McCain has ties to lobbyists who have represented some odious regimes, and he has since ushered them out of his campaign as he rightly should have. But Obama, well, he's one-upped McCain:
Craig is not a peripheral figure in the Obama campaign. He was among the earliest senior Washington figures urging Obama to run, and he participates fairly regularly in the planning and strategizing about major events, including the campaign's decisions to accept debates. He has also served as an on-and-off camera surrogate for McCain at propitious moments. Yes, there's a difference between being a lawyer and being a lobbyist; lobbyists represent a real or preceived conflict of interest. But Obama's campaign holds itself to a higher standard: why doesn't it make sense to make sure that senior campaign advisers are also not, for their dayjobs, representing (alleged) U.S. soldier killers?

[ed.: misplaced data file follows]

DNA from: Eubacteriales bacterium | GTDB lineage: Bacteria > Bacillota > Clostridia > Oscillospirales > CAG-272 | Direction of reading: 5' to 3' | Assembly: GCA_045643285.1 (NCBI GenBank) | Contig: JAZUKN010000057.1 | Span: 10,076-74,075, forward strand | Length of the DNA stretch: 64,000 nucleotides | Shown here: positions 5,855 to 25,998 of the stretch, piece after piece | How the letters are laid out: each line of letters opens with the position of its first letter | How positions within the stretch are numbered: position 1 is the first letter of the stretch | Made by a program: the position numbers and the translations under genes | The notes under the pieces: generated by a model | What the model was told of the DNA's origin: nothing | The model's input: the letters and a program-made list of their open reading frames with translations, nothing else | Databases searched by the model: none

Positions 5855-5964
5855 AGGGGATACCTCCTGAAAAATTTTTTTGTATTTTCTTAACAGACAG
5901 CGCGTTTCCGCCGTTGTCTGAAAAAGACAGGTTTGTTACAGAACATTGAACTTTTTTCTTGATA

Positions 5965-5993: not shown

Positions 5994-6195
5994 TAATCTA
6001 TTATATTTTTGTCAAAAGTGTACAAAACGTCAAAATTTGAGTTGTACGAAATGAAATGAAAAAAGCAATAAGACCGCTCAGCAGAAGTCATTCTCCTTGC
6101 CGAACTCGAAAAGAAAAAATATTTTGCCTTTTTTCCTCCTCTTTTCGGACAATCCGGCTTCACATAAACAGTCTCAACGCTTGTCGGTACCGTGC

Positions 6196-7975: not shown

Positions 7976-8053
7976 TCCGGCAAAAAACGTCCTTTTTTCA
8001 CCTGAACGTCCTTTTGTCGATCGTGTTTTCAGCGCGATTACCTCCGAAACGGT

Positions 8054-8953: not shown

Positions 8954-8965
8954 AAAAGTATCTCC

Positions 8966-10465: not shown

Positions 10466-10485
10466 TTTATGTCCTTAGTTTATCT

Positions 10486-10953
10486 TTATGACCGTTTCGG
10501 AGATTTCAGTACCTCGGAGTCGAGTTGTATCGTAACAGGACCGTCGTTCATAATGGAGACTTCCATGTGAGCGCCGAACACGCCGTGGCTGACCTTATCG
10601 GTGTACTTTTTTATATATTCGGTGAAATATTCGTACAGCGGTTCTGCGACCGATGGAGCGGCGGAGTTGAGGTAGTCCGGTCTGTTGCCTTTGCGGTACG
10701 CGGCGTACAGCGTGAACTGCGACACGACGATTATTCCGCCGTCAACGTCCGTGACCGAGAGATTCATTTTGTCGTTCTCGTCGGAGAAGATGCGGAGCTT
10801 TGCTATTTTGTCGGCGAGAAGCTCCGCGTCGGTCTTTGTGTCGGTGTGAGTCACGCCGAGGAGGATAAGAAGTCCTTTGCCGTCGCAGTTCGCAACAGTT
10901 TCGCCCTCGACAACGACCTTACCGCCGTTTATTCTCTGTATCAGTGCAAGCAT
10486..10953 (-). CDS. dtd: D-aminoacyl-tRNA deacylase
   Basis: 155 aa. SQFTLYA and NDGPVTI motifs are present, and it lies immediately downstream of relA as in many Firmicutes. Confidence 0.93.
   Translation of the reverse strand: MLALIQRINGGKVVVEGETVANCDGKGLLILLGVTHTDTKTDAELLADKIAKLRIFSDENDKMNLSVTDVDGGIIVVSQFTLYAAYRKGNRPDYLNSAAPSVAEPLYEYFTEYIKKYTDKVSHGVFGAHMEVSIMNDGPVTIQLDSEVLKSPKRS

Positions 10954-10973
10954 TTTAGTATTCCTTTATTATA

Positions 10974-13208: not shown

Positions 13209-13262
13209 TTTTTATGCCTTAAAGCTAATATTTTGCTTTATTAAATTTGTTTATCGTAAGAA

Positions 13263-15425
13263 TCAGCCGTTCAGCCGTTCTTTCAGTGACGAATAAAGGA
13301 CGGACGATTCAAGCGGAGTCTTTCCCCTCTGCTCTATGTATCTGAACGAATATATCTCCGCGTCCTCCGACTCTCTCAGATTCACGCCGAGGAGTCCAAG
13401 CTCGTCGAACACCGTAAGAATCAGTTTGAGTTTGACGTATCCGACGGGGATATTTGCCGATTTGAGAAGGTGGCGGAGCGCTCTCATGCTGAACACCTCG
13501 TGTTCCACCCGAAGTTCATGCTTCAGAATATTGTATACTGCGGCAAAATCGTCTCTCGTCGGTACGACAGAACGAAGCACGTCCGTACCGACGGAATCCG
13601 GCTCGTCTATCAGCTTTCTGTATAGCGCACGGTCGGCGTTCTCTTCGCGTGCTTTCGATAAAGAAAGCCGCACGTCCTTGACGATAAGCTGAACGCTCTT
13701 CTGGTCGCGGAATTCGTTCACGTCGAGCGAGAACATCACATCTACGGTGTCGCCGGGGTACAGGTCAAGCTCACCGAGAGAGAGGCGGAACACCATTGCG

Meanwhile, Obama continues to hammer away at McCain's ties to lobbyists. This may spin out of control as we all learn a shocking truth about politics: people have day jobs which often create conflicts of interest. Still, I'd say defending a man indicted for the murder of a U.S. soldier is considerably more problematic than having lobbied on behalf of the Burmese junta. Update: Ed Morrissey has much, much more on Craig.
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